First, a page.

The woke have hope

The woke have hope

First Sunday of Advent (A)  |  Fr Nicholas Crowe calls us to have hope in the victory of God’s grace in our lives and in our world.

Over the past year or two the term ‘woke’ has become increasingly prevalent among political activists and commentators. The concept has its roots in the African American civil rights movement of the mid-twentieth century and denotes an alertness to the issues surrounding social and racial injustice. The Black Lives Matter campaign brought the term to the attention of the mainstream media in 2014 and since then ‘being woke’ has become – not uncontroversially – part of the social justice lexicon.

Like so much of the imagery deployed by the twentieth century civil rights movement in the United States, the idea of being ‘woke’ has deep biblical echoes. In our second reading from the letter to the Romans St. Paul summoned us to rise from our slumber:

You must wake up now: our salvation is even nearer than it was when we were first converted. The night is almost over, it will be daylight soon.’

And in our Gospel reading Jesus commands us:

Stay awake, because you do not know the day when your master is coming’

So the message in readings is clear: wake up and stay awake. Or as the world of social media might put it: ‘stay woke’. But what does it mean for a Christian to be awake? What does it mean for a Christian to be woke?

A Christian that has been awoken by the new dawn of Jesus Christ will see the world differently. If we have seen the light of Christ, we can no longer look on ourselves, on our neighbour, on our place in this world in quite the same way. There are many levels to this transformation but on the first Sunday of Advent it seems appropriate to underline one fruit of our enlightenment by Christ in particular: hope.  The truly woke have hope in God.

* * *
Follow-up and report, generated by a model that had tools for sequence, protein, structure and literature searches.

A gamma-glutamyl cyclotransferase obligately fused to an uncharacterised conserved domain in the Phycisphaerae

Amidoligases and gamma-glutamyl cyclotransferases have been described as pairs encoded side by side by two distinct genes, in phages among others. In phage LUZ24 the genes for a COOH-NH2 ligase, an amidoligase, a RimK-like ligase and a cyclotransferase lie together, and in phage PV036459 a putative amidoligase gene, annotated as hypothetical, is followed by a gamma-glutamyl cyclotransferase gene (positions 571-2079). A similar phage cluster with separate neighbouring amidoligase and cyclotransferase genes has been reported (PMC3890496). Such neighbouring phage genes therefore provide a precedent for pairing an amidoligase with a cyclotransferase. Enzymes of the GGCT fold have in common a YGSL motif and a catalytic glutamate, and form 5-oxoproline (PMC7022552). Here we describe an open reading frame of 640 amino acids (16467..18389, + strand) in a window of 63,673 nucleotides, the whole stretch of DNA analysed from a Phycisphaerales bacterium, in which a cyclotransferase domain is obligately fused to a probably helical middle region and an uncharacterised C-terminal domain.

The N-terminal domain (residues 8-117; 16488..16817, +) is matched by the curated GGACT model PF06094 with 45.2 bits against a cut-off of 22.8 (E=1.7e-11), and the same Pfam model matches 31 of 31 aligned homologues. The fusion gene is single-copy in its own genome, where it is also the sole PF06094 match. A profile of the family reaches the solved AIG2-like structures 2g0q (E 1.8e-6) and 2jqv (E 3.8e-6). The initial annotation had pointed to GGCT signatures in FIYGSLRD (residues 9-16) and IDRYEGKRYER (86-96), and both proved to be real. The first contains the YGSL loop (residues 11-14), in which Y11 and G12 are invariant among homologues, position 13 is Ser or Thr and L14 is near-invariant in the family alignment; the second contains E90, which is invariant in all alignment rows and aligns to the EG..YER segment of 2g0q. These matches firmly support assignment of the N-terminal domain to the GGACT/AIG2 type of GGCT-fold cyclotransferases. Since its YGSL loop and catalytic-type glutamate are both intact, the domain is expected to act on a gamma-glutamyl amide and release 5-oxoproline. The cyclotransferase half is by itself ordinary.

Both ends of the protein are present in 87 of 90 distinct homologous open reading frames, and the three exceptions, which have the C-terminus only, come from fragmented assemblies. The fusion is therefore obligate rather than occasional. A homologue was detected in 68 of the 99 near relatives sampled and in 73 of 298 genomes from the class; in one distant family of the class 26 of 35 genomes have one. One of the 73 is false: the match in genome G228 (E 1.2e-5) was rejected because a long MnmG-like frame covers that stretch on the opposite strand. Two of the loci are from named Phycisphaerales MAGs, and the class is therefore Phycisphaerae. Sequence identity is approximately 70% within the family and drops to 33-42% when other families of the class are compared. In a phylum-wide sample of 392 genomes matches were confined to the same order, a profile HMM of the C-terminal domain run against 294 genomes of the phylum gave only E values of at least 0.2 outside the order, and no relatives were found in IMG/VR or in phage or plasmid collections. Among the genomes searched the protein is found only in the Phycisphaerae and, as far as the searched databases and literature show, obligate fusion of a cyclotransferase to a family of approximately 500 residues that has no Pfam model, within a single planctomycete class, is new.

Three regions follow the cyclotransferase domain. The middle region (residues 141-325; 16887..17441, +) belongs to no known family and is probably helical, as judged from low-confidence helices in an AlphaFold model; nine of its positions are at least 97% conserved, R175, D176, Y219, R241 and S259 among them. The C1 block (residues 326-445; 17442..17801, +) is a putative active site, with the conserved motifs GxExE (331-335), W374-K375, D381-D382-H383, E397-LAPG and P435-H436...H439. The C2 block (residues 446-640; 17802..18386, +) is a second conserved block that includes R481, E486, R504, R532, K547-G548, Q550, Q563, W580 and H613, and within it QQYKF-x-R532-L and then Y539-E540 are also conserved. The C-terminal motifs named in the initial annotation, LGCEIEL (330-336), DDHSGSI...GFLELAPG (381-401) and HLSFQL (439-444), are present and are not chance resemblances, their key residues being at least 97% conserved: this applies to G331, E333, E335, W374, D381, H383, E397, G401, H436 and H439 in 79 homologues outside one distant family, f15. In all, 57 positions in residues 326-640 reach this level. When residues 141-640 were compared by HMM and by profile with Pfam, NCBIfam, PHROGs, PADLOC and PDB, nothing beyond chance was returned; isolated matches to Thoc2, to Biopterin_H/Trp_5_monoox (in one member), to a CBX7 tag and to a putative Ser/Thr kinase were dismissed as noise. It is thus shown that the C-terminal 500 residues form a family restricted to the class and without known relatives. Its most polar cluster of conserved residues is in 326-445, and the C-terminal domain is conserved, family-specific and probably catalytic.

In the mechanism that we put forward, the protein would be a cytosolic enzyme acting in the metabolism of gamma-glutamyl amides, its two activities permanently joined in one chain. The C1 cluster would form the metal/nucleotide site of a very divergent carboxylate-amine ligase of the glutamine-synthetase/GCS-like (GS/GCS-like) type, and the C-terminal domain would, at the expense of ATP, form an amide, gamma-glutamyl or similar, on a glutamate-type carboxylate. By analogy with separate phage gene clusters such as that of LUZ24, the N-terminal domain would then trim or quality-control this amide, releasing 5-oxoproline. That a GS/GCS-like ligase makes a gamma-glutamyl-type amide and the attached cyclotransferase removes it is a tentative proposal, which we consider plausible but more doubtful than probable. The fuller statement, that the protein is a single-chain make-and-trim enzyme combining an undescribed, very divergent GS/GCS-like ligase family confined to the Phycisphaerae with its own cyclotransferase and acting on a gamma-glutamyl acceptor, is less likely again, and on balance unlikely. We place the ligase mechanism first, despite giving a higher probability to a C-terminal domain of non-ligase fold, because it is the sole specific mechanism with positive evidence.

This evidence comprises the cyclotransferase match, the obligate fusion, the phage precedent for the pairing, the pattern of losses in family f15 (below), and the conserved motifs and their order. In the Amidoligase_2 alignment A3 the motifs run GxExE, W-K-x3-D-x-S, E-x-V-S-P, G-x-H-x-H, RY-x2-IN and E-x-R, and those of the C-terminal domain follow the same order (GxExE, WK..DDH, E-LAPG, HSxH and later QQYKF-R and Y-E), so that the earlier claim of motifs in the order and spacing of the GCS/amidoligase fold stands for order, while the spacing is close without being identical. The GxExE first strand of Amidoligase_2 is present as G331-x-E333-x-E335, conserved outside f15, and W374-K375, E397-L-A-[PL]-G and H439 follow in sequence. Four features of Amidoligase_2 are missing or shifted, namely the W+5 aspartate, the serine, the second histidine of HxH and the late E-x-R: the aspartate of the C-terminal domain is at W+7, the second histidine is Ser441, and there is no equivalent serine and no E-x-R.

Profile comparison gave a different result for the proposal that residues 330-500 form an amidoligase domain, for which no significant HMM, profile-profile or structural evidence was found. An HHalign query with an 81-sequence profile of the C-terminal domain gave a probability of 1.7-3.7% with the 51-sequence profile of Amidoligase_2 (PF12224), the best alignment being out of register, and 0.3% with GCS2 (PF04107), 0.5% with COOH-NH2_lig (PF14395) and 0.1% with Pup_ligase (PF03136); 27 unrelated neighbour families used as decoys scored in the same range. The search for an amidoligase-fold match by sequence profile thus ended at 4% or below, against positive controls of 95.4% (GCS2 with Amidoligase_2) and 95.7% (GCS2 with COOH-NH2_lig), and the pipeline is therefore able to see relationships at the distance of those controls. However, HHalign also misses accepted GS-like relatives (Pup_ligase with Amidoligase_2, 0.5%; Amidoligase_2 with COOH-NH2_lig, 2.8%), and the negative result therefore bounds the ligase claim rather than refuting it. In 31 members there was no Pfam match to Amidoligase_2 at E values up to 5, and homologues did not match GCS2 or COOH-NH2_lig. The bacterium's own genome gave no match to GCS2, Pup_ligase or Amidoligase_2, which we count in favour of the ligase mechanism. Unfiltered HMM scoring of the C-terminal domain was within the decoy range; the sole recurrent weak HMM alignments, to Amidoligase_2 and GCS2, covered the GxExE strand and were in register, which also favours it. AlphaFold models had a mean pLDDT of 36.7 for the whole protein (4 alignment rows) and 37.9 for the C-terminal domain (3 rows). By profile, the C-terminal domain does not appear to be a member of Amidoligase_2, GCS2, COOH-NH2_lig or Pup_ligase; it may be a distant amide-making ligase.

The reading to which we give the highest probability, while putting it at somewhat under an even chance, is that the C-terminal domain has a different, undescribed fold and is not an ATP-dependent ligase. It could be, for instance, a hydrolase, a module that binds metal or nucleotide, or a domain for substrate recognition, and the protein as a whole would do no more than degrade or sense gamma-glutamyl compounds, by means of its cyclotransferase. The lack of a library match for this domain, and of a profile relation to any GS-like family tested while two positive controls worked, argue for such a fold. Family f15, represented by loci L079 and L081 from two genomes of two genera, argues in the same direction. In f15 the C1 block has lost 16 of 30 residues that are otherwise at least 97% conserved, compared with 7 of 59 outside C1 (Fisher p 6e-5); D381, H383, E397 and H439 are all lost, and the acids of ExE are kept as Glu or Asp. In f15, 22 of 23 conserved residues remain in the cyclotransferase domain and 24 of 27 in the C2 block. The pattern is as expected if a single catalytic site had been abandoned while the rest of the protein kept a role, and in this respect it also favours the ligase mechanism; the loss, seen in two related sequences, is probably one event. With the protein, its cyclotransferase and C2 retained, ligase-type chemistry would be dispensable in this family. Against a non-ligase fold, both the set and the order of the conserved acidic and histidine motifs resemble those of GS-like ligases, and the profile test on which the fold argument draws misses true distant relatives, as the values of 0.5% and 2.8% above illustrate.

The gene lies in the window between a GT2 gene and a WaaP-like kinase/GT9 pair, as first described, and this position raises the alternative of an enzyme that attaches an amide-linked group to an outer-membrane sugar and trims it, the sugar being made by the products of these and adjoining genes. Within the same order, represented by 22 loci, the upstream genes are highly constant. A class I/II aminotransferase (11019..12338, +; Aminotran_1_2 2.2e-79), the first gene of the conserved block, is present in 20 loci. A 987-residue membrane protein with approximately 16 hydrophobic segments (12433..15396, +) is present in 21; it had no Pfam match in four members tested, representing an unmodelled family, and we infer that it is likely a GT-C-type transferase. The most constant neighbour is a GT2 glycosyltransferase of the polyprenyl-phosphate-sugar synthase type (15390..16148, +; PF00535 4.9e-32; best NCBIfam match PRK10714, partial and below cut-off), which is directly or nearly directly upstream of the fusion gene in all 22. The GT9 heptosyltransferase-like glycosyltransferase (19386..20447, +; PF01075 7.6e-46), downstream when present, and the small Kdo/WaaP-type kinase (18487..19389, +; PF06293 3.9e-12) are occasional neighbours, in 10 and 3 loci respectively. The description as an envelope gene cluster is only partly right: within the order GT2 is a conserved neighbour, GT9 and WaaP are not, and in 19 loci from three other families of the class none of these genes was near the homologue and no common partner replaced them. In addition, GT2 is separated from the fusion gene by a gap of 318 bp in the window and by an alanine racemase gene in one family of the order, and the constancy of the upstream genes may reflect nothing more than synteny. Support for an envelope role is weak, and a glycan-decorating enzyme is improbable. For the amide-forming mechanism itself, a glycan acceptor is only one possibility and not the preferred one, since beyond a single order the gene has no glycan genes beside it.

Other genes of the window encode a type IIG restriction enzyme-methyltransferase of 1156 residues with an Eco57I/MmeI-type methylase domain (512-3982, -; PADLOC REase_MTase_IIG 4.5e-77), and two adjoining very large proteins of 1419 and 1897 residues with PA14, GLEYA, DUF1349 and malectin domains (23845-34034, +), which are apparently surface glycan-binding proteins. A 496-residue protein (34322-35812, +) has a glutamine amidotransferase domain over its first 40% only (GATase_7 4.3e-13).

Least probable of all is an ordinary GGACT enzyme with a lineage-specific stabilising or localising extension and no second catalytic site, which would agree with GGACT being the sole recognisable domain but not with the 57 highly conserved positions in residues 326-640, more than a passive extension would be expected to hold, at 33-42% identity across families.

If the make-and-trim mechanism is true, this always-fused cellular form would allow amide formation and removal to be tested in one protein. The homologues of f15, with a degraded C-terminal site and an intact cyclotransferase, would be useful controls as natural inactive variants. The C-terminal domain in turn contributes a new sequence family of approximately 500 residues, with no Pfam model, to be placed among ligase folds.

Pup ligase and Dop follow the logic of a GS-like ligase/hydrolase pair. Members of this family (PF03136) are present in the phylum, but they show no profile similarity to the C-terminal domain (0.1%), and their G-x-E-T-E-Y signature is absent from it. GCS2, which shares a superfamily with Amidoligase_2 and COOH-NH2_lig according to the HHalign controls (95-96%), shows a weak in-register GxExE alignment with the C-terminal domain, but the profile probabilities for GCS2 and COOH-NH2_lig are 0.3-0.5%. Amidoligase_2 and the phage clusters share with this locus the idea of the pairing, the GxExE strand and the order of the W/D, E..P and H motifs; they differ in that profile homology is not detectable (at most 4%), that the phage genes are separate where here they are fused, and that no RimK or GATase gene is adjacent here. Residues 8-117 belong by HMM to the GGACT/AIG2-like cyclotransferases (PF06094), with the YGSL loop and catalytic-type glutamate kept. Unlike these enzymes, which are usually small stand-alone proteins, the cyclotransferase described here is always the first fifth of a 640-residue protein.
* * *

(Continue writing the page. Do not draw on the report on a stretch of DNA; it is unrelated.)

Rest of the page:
The prophet Isaiah in our first reading is a good example of the kind of hope that flows when our vision has been touched by God. Isaiah was preaching to a nation that had been oppressed by one superpower after another for century after century since the death of King David’s son Solomon. This might have led Isaiah into a cynical despair or a poisonous resentment against his nation’s enemies. Instead, Isaiah is full of hope. Isaiah did not see as other people saw because his sight had been strengthened by God’s light. Where others saw only the crushing weight of political oppression Isaiah detected the fingerprints of God and the subtle movements of God’s Spirit. Isaiah recognised that his nation’s sufferings were not meaningless but a key part in God’s plan for the salvation of the world. The present might be painful, but Isaiah could see the bigger picture. Isaiah had hope. We heard him proclaim:

In the days to come the mountain of the Temple of the Lord shall tower above the mountains and be lifted higher than the hills. All the nations will stream to it. …………He will wield authority over the nations and adjudicate between many peoples; these will hammer their swords into ploughshares, their spears into sickles. Nation will not lift sword against nation, there will be no more training for war. O House of Jacob, come, let us walk in the light of the Lord.

In his last speech before his death Dr. Martin Luther King proclaimed that like Moses he had been to the mountain top, and he had seen the Promised Land. Isaiah climbed that same mountain in our first reading and he too saw the fulfilment of his people’s longing. Isaiah saw an end to the violence and oppression that drives tribes and peoples and nations apart. Isaiah saw God reconciling the whole of humanity to himself and in himself through the raising up of his holy temple. He saw the coming of our Lord Jesus Christ, the King of kings and the Prince of peace. A hard road lay ahead of Isaiah, but he and the prophets like him walked on and on in hope out of the darkness of oppression and into the light where freedom rings out because they had seen that this journey would end in the victory of God.

We too must be on that road that leads out of darkness and into the light. It is time for us to awake from sleep and leave behind the works of darkness that reinforce an old world grown tired and weary in its sin, and enter instead a new world founded on a new law of the Holy Spirit and a new commandment: that we love one another as Jesus has loved us. The new day is dawning: let us embrace its light in hope.

Readings: Isa 2:1-5  |  Rom 13:11-14  |  Matt 24:37-44

Photograph by Fr Lawrence Lew OP of the ‘Stradun’ in Dubrovnik, Croatia.

Fr Nicholas Crowe is currently studying for an STL in moral theology at the University of Fribourg, Switzerland.

Comments (1)

  • A Website Visitor

    Thank you for Nicholas

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